Use of immunomodulatory agents like methotrexate and hydroxychloroquine seems biologically logical as immune mediated damage underlies pathogenesis of SS. Moreover, biopsy of labial salivary glands even after many years of disease shows predominantly active inflammatory infiltrate in most cases, rather than gross fibrosis or atrophy [36]. This implies that potentially reversible pathology does exist in SS even late in the disease process. Therefore, there is scope for symptomatic improvement in SS with these mild immunomodulatory agents, as in other systemic autoimmune diseases. Paucity of large clinical trials has kept the literature divided on this issue, rather than any hard evidence. Data from the present cohort, in spite of having a very large number of SS patients, are also limited by its retrospective nature. Generating high level evidence by multicentric, randomised, controlled trials or comparative effectiveness trials for efficacy of these safe, inexpensive agents in SS using objective tools is imperative in this era of global resource crunch.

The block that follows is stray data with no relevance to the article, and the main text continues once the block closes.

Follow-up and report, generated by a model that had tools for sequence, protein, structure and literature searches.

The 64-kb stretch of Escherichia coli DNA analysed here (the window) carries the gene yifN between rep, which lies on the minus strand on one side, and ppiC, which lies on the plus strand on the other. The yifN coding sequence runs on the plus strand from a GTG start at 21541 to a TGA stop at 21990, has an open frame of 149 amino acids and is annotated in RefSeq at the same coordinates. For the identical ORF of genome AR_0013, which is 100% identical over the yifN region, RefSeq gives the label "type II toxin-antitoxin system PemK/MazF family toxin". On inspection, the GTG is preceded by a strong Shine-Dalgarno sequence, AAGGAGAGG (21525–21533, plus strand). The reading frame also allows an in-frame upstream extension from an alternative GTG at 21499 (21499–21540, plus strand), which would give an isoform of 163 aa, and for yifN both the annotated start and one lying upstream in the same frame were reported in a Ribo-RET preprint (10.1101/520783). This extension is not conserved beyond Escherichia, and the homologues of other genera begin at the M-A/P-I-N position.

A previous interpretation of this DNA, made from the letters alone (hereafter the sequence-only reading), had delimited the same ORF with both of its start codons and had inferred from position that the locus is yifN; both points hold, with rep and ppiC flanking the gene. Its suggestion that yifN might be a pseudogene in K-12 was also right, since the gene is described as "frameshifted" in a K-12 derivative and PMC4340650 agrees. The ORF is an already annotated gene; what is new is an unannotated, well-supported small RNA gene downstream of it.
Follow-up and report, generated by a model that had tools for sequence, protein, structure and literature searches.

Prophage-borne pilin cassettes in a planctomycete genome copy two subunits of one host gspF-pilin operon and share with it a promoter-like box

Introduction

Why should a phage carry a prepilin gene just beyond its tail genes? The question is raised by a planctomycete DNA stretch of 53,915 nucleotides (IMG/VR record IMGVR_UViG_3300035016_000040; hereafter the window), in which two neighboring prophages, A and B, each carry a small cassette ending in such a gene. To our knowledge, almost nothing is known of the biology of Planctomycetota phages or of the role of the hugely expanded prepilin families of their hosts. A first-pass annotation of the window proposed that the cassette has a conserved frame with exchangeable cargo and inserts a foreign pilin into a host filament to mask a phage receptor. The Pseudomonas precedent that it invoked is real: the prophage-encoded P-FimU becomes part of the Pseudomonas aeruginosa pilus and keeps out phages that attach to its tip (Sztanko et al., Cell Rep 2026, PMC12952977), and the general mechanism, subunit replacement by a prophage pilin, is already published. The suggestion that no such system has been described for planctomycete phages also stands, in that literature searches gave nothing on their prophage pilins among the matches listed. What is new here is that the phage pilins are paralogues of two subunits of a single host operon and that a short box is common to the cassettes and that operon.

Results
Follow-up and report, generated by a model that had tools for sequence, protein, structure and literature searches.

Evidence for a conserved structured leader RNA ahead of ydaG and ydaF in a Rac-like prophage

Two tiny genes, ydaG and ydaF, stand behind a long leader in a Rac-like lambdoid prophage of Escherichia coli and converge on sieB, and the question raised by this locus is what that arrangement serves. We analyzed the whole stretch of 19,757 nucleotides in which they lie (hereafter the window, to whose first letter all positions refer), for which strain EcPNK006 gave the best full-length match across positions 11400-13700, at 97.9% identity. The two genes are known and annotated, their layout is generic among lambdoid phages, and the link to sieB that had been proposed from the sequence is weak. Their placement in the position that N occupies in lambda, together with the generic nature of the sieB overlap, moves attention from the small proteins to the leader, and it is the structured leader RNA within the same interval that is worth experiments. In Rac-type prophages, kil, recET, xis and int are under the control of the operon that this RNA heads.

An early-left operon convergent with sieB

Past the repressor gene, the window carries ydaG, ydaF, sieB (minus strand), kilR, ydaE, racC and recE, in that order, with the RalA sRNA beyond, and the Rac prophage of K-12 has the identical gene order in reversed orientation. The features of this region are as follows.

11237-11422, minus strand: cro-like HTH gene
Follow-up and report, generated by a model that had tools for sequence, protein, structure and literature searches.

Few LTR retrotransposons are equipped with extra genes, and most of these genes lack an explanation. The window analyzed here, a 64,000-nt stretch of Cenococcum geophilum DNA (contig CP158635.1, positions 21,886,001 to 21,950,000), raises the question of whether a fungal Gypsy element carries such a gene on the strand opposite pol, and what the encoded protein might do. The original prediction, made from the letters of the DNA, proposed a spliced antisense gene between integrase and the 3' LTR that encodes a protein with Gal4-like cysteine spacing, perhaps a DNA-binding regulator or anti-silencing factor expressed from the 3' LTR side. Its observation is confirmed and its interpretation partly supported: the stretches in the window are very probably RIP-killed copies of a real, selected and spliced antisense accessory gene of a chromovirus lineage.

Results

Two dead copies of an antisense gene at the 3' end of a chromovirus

Finally, several unique features of this cohort namely younger age of onset, higher female: male ratio, higher musculoskeletal symptoms like chronic pain, underplay of sicca symptoms by our patients at presentation, paucity of parotidomegaly, hyperglobulinemia, RP and cryoglobulinemia, distinct clustering of seropositive major systemic versus mild disease, better outcome with treatment and lower incidence of malignancy are distinctive of Indian patients with SS. All of these observations could imply interplay of genetic and ethnic variations under different environmental and epigenetic pressures including yet unknown infective triggers or even dietary modifications in Indian patients with SS. It warrants genomic, transcriptomic and proteomic studies in this research naïve SS patients from India. Alternatively, can some of these favourable variations in our cohort be due to early diagnosis of SS much before advanced glandular and extra glandular damage is established?